Trains.com

Santa Fe #2926 Runs Under Steam For The First Time Since 1954

5869 views
33 replies
1 rating 2 rating 3 rating 4 rating 5 rating
  • Member since
    April 2018
  • 1,609 posts
Santa Fe #2926 Runs Under Steam For The First Time Since 1954
Posted by Jones1945 on Sunday, July 25, 2021 11:38 AM

A video by Arkansas Locomotive Works. Congratulations to the New Mexico Steam Locomotive & Railroad Historical Society!

  • Member since
    September 2003
  • 17,647 posts
Posted by Overmod on Sunday, July 25, 2021 12:51 PM

Amen! Amen!! AMEN!!!

  • Member since
    January 2019
  • From: Henrico, VA
  • 7,023 posts
Posted by Flintlock76 on Sunday, July 25, 2021 12:56 PM

Wow.  Oh wow!

The "Sleeping Beauty" awakens.  Maybe they should name it the "Princess Aurora?"

And you can tell it's ready to come alive when that smokestack extender pops up, like an opening eyelid!

And those campaign ribbons on the cab?  Those are the American Theater of Operations Medal (WW2) and the National Defense Medal.  Makes sense, we wouldn't have won WW2 without locomotives like 2926.

Thanks Mr. Jones!

  • Member since
    July 2020
  • 522 posts
Posted by pennytrains on Sunday, July 25, 2021 5:07 PM

She needs to run the route of the Chiefs just like 3751 did all those years ago!  Bow

Big Smile  Same me, different spelling!  Big Smile

  • Member since
    December 2017
  • From: I've been everywhere, man
  • 3,610 posts
Posted by SD70Dude on Sunday, July 25, 2021 5:20 PM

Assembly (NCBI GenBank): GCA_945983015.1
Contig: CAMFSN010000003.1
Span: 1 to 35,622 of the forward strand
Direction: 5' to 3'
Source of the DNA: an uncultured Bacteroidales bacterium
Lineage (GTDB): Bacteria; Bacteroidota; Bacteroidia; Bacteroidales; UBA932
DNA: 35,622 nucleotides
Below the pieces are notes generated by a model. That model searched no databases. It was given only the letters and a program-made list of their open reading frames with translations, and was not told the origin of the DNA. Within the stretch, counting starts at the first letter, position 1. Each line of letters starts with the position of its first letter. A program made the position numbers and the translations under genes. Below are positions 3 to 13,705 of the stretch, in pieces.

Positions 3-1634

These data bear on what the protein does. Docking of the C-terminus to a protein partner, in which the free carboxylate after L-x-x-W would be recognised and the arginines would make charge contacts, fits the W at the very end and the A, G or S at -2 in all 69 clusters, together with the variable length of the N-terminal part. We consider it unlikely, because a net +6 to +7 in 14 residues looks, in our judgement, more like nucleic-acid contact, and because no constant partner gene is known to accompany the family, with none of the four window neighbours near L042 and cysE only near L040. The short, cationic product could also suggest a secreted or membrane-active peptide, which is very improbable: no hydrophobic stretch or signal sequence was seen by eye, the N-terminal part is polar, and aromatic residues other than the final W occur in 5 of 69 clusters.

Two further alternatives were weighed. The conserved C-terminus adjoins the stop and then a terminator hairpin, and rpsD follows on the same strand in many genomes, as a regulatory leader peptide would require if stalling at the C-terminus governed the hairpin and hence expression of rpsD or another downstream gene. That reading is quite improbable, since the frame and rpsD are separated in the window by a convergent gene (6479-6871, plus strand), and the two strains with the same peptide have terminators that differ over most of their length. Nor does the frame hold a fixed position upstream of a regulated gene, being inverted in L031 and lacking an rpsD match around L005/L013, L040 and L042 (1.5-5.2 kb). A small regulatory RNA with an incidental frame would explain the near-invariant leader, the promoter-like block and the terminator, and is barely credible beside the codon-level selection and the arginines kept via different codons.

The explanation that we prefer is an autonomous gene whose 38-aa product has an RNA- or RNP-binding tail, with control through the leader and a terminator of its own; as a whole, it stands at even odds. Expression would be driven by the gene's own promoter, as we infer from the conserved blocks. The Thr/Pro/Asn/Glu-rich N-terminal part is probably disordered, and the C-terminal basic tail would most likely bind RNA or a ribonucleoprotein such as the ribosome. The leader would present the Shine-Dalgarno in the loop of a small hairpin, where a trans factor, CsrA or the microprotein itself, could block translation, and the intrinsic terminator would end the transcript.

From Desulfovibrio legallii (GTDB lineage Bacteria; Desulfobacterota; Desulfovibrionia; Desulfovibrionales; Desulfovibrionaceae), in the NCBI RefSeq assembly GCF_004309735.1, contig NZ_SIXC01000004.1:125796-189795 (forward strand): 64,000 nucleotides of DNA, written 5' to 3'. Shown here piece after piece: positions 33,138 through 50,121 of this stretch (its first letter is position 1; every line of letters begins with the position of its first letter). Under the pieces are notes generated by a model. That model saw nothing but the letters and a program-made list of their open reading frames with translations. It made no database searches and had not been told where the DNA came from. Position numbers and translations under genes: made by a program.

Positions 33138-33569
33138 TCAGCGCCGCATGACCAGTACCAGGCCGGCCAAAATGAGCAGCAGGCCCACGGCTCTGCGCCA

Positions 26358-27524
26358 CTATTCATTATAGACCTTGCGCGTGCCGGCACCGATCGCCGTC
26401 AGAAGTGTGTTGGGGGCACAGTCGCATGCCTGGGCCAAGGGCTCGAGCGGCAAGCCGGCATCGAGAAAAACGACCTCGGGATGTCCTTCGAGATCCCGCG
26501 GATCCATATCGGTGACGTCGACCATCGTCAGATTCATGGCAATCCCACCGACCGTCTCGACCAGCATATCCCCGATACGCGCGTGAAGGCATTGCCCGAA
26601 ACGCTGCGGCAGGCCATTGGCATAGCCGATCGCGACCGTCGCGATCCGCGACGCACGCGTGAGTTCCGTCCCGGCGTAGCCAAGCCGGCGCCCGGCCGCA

Sure would be awesome to see 3751 and 2926 together again!

Can you imagine either one of them tackling the grades on the Grand Canyon Railway!?

Or perhaps both......

Greetings from Alberta

-an Articulate Malcontent

  • Member since
    December 2001
  • From: Denver / La Junta
  • 10,271 posts
Posted by mudchicken on Sunday, July 25, 2021 9:40 PM

The fact that six of those 30 WW2 era beasts still survive is amazing. Just reminded that only one DRGW standard gage steam engine survives and it was a relatively small engine. Wonder if they will let it out on Glorietta hill or find somewhere to turn that beast?

Mudchicken Nothing is worth taking the risk of losing a life over. Come home tonight in the same condition that you left home this morning in. Safety begins with ME.... cinscocom-west
  • Member since
    April 2018
  • 1,609 posts
Posted by Jones1945 on Monday, July 26, 2021 5:06 AM

Flintlock76

And those campaign ribbons on the cab?  Those are the American Theater of Operations Medal (WW2) and the National Defense Medal.  Makes sense, we wouldn't have won WW2 without locomotives like 2926.

Thanks Mr. Jones!

You are welcome, Wayne. Thank you so much for reminding us about those campaign ribbons. 

I can't wait to see those sexy 80" drivers spinning at high speed once again. The tender trucks are the same type used on the PRR S1, looking forward to seeing them traveling at higher speed!

  • Member since
    January 2019
  • From: Henrico, VA
  • 7,023 posts
Posted by Flintlock76 on Monday, July 26, 2021 10:25 AM

mudchicken
The fact that six of those 30 WW2 era beasts still survive is amazing.

The Santa Fe was pretty generous in donating retired steam engines, so were some other 'roads like the Union Pacific and the Nickle Plate.  Too bad we can't say the same for some others.

  • Member since